Editors Note: Folks titanium dioxide is horrible in so many ways but one of the first things it does is affect your gut health aka your microbiome. It facilitates the production of the bad bacteria our guts don’t want which can directly affect our health in other areas of our lives. I had this happen to me as I was eating some crackers and some bread that had this stuff in it and I didn’t realize it at the time. READ THE LABELS ON EVERYTHING YOU BUY! If you don’t know what an ingredient is then look it up on your phone before you buy it! This is so important as they are poisoning everything today! Johnny
From the Epoch Times
In the summer of 2022, at least two consumer lawsuits were filed against the manufacturer of Skittles candy due to the presence of a known toxin in the product. The ingredient in question is titanium dioxide, also known as E171, which the manufacturer, Mars, Inc., had pledged to phase out six years prior.
Titanium dioxide has been banned as a food additive in the European Union since February 2022, nine months after the European Food Safety Authority published a report calling it unsafe as a food additive.
Titanium Dioxide Has Long Been Common in the US
Titanium dioxide has been approved as a food ingredient, with specific restrictions, by the U.S. Food and Drug Administration (FDA) since the mid-1960s. This common food additive—a white, odorless, and tasteless powder—is used as a whitening agent, thickener, and texturizer. Titanium dioxide is a naturally occurring mineral that can also be found in some non-food products, such as sunscreen.
The range of edibles that contain titanium dioxide might be surprising to some.
Here are several examples of foods that may contain titanium dioxide:
- Candy: Candy coatings are often made shiny and colorful by adding titanium dioxide.
- Gum: Many types of chewing gum contain titanium dioxide.
- Baked goods: Titanium dioxide is frequently added to baked goods like bread and pastries to enhance their texture and appearance.
- Dairy products: Titanium dioxide is sometimes used as a whitening agent in some types of yogurt, cheese, and low-fat milk.
- Condiments: Titanium dioxide is sometimes used to add creaminess to sauces, such as mayonnaise and salad dressing.
“The FDA continues to allow for the safe use of titanium dioxide as a color additive in foods generally according to the specifications and conditions, including that the quantity of titanium dioxide does not exceed 1 percent by weight of the food,” the federal agency told The Epoch Times in an emailed statement.
Health Risks Associated With Consuming Titanium Dioxide
While titanium dioxide, also referred to as TiO2, is generally considered safe in the United States, studies highlighting potential health risks associated with its consumption are being conducted.
One study from 2019 showed that mice given titanium dioxide in their water experienced changes in their gut microbiome and inflammation. Another 2009 study involving rats found that inhalation of the substance caused respiratory tract cancer.
“There have been studies to indicate that titanium dioxide may negatively impact gut health by increasing ‘bad’ bacteria, thus generating more inflammation in the body,” said Emily Feivor, a registered dietitian at Northwell Health. “Most research concludes that the amount consumed from food is so low that it poses no risk to human health,” she added.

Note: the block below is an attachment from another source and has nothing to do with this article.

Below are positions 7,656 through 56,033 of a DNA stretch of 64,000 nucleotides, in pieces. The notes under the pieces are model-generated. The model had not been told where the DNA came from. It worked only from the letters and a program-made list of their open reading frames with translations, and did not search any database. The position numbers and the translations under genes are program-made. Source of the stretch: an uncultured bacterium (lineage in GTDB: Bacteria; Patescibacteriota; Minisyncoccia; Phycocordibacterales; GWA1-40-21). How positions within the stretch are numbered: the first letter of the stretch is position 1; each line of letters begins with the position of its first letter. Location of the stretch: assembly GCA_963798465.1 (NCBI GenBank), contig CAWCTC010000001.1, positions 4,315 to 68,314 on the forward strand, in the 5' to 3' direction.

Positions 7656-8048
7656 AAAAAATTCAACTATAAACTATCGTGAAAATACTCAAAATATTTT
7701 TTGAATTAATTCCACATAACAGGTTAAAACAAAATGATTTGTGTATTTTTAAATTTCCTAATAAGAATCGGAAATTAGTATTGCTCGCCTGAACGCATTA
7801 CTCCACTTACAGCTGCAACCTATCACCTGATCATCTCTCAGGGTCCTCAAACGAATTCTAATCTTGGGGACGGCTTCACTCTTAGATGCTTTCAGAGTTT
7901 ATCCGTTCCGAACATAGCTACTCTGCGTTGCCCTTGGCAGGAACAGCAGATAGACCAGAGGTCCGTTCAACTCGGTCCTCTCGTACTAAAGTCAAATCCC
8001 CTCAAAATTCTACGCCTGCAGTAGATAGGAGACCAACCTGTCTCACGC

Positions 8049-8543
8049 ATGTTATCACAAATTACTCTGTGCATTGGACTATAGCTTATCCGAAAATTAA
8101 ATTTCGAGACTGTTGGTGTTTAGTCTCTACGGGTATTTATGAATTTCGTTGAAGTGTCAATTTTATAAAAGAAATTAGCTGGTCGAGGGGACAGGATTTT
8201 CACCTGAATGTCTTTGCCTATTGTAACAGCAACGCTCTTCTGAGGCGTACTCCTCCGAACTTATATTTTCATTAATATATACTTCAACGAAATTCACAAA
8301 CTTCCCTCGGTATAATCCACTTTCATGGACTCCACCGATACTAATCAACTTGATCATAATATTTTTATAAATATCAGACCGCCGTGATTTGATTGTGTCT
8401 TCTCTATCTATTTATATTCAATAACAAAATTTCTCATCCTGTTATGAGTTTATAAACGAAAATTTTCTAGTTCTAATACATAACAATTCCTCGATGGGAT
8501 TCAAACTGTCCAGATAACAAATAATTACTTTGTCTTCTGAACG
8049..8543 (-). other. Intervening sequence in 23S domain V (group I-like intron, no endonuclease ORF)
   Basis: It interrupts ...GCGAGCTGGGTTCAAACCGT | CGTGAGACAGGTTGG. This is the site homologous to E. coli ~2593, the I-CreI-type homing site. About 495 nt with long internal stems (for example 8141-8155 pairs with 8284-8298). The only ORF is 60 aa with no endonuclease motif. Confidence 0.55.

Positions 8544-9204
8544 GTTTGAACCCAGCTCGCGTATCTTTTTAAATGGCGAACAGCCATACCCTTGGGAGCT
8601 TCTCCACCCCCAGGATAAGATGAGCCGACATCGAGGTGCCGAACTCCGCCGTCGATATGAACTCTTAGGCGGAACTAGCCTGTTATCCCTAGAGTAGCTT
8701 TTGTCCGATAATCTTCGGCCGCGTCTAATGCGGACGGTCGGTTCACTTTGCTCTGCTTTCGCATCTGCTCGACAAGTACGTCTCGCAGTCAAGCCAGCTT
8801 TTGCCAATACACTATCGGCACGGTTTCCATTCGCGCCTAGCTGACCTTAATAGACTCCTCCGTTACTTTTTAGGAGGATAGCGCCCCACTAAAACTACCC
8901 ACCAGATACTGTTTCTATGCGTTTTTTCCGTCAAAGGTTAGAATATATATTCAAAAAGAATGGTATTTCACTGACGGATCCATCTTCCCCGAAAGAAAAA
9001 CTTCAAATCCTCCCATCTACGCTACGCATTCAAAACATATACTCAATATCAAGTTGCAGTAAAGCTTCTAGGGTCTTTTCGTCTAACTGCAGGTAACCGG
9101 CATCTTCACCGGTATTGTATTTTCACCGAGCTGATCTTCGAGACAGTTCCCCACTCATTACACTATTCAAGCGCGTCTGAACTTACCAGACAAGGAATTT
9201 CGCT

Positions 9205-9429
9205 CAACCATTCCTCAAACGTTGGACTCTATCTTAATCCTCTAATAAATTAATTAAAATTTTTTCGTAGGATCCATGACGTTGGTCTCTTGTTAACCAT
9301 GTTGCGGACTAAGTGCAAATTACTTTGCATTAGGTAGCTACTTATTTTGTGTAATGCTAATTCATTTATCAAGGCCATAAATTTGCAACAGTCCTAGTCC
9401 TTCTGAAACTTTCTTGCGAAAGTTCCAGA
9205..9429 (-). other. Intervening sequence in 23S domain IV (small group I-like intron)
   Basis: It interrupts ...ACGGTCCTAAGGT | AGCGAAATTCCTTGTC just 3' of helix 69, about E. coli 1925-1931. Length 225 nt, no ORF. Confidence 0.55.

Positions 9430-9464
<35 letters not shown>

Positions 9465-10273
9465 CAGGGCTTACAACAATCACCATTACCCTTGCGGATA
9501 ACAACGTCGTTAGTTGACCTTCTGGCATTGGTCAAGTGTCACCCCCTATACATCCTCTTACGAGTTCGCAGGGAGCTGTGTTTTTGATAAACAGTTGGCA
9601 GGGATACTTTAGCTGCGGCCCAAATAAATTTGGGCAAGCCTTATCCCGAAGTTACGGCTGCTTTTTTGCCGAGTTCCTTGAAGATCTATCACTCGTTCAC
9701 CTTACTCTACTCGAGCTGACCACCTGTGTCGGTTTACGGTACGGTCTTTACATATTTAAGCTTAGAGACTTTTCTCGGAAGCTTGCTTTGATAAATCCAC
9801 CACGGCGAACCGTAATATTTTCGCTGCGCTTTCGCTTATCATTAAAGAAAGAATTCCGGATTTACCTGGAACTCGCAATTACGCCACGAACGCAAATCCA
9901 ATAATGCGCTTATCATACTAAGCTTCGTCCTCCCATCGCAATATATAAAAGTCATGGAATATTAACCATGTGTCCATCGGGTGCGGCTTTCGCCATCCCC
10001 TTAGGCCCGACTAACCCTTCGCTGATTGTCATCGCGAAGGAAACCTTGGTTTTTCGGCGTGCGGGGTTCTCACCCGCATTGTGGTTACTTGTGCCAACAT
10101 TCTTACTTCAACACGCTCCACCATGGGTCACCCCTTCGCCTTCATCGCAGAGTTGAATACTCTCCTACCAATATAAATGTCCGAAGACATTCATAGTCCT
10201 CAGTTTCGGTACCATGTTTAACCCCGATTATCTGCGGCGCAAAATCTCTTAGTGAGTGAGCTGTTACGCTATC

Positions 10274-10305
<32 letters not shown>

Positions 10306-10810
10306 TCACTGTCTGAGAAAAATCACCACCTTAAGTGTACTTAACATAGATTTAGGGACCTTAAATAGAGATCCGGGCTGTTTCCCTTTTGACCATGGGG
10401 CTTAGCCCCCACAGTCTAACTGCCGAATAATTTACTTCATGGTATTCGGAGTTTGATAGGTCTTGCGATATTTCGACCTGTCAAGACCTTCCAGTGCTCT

Another variant of the additive, known as titanium dioxide nanoparticles—which are significantly smaller particles of titanium dioxide—have been shown to have harmful effects in some studies. According to a 2015 review of studies, when titanium dioxide nanoparticles were inhaled, they could travel to the brain and other organs, such as the kidney and liver.
“In most studies, TiO2 nanoparticles appeared to have caused oxidative stress, histopathological alterations, carcinogenesis, genotoxicity, and immune disruption,” the study authors wrote. Based on these findings, they concluded that using titanium dioxide nanoparticles and similar materials in humans must be “avoided or strictly managed” to minimize potential health risks.
Other Food Additives Banned in Europe but Allowed in the US
Titanium dioxide isn’t the only food additive banned overseas, but that is still allowed in U.S. products.
Potassium bromate, which is banned countries in Canada, the UK, and the EU, is used commonly used in the United States in retail bread, but it may irritate the nose, throat, and lungs, and cause shortness of breath and wheezing, according to the New Jersey Department of Health. In addition, some research has shown that the compound caused renal and thyroid tumors in rats.
Another food additive used in the United States but banned in Europe is propylparaben (E217), as long as it does not exceed 0.1 percent in food products. It is used in some processed foods, drugs, and cosmetics as an antimicrobial preservative. However, a 2018 study review found that propylparaben is an endocrine disruptor, meaning that it can interfere with the hormones in the endocrine system, potentially leading to cancer and developmental disorders. Additionally, a study in mice found that propylparaben was associated with problems in embryo development.
Chlorine washing—the process of rinsing meat in chlorinated water—is a common practice in the U.S. poultry industry to reduce the risk of bacterial contamination. While it is not considered a food additive, the process has been a topic of debate due to its potential health and environmental risks. The EU banned chlorine washing in 1997 over food safety concerns, so U.S. producers cannot export chicken to the region. Read the rest at the Epoch times here: https://bit.ly/41YXlul
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